Breast cancer survivor says New Zealand's free mammograms are failing women with dense breasts

Regular mammograms are critical for the early detection of cancer, but for women with dense breasts, the disease can be harder to see.

It's already prompted a new screening approach in parts of Australia and the US, and similar changes are wanted here. 

Nichola Turenhout never imagined she'd be celebrating her 50th birthday with a stage three breast cancer diagnosis.

"[It was a] huge shock, I felt like the whole bottom of my world fall out," she said.

But, above all else, she felt let down by the country's free breast screening programme, which ultimately delayed the detection of her tumour.

"Mammograms are failing 50 percent of women with dense breasts, and I happen to be one of them," Turenhout said.

When a woman's breast is mostly fatty tissue, cancer is easier to see on a mammogram. Denser breasts have more fibrous and glandular tissue, which appears white on scans, making it harder to spot the disease. 

Not only that - women with the condition also have a greater risk of breast cancer. 

"That's why it's really important that women are told if they have dense breasts so they can understand their level of risk, be more vigilant and told about other options for detecting," Breast Cancer Aotearoa Coalition chair Libby Burgess said.

One in ten women have extremely dense breasts, like Turenhout and require further MRI and ultrasound testing.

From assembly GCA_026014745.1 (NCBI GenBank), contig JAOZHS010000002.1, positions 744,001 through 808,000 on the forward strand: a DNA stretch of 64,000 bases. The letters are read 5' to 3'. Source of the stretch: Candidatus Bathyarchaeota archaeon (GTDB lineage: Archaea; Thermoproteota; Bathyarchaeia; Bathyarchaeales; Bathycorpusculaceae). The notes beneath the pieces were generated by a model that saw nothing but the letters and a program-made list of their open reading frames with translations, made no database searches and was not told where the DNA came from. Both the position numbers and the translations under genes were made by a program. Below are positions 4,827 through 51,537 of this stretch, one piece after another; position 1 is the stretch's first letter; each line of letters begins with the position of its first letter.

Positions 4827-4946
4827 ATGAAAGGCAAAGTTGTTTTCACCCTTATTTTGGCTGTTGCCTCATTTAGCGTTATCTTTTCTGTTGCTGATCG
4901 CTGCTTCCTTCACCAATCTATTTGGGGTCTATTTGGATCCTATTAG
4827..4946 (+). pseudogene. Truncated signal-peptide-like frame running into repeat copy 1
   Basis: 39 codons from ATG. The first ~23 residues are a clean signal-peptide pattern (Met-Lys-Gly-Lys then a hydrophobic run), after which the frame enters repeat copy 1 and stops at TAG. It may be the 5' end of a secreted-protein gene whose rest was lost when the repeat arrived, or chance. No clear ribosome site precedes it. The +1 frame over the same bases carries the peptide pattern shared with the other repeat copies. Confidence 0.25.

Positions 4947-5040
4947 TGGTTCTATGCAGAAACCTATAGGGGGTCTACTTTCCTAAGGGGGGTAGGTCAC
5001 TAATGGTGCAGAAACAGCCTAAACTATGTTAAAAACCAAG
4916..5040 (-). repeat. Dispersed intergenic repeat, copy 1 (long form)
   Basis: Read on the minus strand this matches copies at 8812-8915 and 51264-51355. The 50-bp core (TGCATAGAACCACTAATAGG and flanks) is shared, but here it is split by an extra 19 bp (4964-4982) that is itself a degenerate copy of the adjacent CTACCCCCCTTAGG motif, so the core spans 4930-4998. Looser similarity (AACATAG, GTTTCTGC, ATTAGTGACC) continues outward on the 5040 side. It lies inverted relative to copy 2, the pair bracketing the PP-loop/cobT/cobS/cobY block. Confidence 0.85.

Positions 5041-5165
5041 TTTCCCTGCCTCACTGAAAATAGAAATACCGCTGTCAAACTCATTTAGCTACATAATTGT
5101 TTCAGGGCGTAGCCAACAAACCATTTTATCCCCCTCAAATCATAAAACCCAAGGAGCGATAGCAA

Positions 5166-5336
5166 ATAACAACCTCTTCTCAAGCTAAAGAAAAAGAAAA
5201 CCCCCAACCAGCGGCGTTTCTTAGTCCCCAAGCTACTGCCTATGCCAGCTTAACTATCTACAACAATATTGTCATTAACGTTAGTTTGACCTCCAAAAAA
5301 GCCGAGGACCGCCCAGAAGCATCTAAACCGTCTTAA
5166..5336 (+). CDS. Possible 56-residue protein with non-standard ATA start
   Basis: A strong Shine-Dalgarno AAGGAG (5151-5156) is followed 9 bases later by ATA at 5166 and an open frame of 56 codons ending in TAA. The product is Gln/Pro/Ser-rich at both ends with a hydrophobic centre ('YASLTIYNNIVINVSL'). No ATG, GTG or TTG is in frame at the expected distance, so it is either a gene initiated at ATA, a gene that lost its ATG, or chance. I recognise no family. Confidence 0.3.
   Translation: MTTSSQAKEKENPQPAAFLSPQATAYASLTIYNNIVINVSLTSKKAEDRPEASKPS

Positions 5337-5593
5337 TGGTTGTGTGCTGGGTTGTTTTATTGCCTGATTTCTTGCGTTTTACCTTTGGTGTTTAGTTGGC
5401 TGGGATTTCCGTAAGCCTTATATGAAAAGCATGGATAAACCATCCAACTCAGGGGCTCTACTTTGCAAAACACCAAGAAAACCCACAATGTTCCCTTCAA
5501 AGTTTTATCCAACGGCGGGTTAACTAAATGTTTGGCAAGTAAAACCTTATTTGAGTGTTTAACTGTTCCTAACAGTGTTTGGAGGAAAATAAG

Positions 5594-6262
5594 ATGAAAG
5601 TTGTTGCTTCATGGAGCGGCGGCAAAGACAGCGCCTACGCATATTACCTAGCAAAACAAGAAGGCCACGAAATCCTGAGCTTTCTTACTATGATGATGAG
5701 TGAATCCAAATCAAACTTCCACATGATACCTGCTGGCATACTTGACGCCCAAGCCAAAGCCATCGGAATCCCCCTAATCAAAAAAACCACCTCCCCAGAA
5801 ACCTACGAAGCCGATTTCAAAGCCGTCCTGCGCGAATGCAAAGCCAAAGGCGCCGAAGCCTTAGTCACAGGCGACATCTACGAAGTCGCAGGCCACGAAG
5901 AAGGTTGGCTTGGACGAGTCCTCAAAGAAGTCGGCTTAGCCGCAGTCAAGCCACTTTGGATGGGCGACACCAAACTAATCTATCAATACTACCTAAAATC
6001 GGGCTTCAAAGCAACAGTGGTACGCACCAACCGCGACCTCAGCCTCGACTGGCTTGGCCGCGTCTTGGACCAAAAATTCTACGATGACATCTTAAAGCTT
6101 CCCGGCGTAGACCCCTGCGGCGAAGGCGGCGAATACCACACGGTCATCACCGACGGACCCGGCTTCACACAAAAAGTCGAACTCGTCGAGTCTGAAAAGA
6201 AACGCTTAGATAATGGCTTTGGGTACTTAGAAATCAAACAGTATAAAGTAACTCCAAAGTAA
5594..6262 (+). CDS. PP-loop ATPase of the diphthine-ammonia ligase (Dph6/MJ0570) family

But those receiving free mammograms are not told this information unless they pay to go private.

"It's incomprehensible that this life-saving specialist knowledge is being withheld," Turenhout said.

"We hope that this Government will understand the need to put more resources into BreastScreen Aotearoa to allow this really important information to be gained and to be shared with women," Burgess said.

The Royal Australian and New Zealand College of Radiologists has recently updated its position on the matter, to recommend the mandatory measurement and reporting of breast density during screening and diagnostic testing.

It's a new approach that's already underway in parts of Europe, the US, Canada and Australia.

The National Public Health Service director of prevention, Alana Ewe-Snow said: “it is part of our workplan to review the evidence on breast density reporting and make recommendations, but we still have a lot of work to do.

"If the evidence supports the introduction of additional imaging for women with dense breasts this would require further financial investment.”

An investment, that Turenhout says will save lives.

"The truth is, finding out your breast density isn't going to kill you but not knowing could very well be fatal," Turenhout said.